An offer by Gambari for the UN to provide technical expertise for the vote was also rejected, the reports said, with the government explaining that it had sufficient resources to hold the polls on its own.
Brigadier-General Kyaw Hsan, the information minister, accused Gambari of bias in favour of Suu Kyi, criticising him for releasing a letter from her after his last visit in November.
He told Gambari during more than two hours of talks on Friday that the government would not make any changes to the proposed charter.
"The constitution has already been drafted and it should not be amended again," Kyaw Hsan, whose lengthy comments were reported in detail by state media, said.
"We are very astonished and dismayed for your involvement in this matter," he said in the official New Light of Myanmar newspaper.
"Sadly, you went beyond your mandate. The majority of people are criticising it as a biased act.
"Some even believe that you prepared the statement in advance and released it after co-ordinating with Daw Aung San Suu Kyi."
He added that if Gambari tried to force the country to meet Western calls for reform, "we are concerned that your task of offering impartial advice may be undermined".
The comments appeared to dash any hopes that the government would make concessions in its election plan.
A spokesman for Suu Kyi's National League for Democracy (NLD) party, which won a 1990 election only to be denied power by the army, declined to elaborate on the content of her talks in Yangon with the Nigerian diplomat.
The NLD has warned that the public would not accept the military government's new charter, but it has stopped short of calling for a boycott or urging a "no" vote.
Suu Kyi was taken to and from the meeting in a convoy that picked her up at her house in Yangon, where the 62-year-old Nobel peace prize winner has spent 12 of the past 18 years under arrest.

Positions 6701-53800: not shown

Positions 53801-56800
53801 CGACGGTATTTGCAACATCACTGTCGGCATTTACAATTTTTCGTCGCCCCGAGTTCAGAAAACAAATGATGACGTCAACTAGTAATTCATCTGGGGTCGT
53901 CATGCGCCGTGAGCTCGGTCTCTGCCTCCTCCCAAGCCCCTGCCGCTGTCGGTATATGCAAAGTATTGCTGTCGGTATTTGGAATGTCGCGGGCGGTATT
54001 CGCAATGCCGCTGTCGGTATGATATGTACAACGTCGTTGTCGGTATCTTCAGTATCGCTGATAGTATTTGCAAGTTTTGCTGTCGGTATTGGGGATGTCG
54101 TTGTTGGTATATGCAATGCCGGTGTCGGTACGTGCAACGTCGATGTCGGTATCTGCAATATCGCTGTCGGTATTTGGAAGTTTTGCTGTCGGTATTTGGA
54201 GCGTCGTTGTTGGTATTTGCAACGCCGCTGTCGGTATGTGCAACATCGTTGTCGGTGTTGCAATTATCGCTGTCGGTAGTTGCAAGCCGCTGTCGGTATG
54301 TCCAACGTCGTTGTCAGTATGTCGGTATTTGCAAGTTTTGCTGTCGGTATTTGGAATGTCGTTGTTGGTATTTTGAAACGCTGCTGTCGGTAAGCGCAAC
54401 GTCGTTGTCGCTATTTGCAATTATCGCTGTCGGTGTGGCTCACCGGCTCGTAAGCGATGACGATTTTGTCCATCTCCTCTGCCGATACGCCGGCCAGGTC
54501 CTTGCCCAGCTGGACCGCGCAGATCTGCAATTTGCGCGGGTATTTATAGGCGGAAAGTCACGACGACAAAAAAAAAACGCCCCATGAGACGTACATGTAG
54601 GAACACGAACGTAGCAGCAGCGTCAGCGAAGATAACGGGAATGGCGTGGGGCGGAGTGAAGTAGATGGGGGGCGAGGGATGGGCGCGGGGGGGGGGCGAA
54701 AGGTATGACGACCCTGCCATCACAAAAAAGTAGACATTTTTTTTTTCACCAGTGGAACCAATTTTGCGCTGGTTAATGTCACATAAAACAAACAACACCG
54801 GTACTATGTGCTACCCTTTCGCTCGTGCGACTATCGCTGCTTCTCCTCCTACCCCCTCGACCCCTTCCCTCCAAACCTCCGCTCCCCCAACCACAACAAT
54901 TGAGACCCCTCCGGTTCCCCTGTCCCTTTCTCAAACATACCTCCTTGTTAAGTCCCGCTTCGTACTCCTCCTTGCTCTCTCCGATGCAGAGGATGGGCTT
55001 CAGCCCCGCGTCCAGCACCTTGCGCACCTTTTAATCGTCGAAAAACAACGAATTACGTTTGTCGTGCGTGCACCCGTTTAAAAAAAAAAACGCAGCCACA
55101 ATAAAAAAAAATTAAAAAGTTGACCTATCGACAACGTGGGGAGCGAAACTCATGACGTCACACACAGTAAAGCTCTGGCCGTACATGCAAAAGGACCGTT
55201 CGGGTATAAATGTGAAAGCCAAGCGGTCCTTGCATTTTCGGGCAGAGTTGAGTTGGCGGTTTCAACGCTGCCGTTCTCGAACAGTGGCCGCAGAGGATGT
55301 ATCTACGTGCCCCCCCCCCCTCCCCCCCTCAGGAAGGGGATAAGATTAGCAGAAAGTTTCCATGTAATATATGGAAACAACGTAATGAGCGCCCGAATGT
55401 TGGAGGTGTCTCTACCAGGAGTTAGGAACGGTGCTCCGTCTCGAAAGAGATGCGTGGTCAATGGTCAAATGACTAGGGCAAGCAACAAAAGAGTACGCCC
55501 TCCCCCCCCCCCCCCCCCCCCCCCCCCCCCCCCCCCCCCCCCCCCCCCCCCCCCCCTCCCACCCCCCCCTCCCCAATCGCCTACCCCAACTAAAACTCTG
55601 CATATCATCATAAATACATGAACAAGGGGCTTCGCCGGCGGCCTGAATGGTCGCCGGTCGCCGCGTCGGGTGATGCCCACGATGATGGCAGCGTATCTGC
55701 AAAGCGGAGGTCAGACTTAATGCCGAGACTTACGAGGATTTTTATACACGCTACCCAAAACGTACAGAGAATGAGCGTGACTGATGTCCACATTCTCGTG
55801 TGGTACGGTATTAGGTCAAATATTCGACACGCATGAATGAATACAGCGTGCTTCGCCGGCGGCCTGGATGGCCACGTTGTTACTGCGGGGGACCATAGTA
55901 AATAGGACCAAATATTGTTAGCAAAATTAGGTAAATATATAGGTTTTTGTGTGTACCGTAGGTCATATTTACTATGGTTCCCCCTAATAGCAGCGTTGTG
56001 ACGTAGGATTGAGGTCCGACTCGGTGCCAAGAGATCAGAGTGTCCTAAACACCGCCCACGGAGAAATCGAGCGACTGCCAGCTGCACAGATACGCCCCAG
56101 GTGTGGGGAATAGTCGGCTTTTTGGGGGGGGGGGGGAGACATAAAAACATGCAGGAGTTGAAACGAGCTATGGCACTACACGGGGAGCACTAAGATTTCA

Officials declined to provide any information about their talks. Normally Gambari only discusses his meetings after leaving the country.
The UN envoy earlier held talks with officials from a pro-junta party and a civil group set up by the government known as the Union Solidarity and Development Association (USDA).
Gambari arrived on Thursday on his third trip to Myanmar since the deadly crackdown on non-violent pro-democracy protesters in September sparked a global outcry.
Media reports said Gambari's idea was rejected because there was no precedent for it and it infringed on Myanmar's sovereignty.
The visit came amid growing concerns that the government is ignoring calls for political reform and is tightening its grip on power.
The new constitution would bar Suu Kyi from future elections because of her marriage to a foreigner, the late Briton Michael Aris.
A new law governing the referendum also limits her party's ability to campaign by criminalising public speeches.
The military government said last month that it would hold a constitutional referendum in May and general elections in 2010 - the first specific dates for steps in a previously announced "roadmap to democracy".
Dissidents, diplomats and human rights groups have dismissed the roadmap as a sham designed to allow the perpetuation of military rule.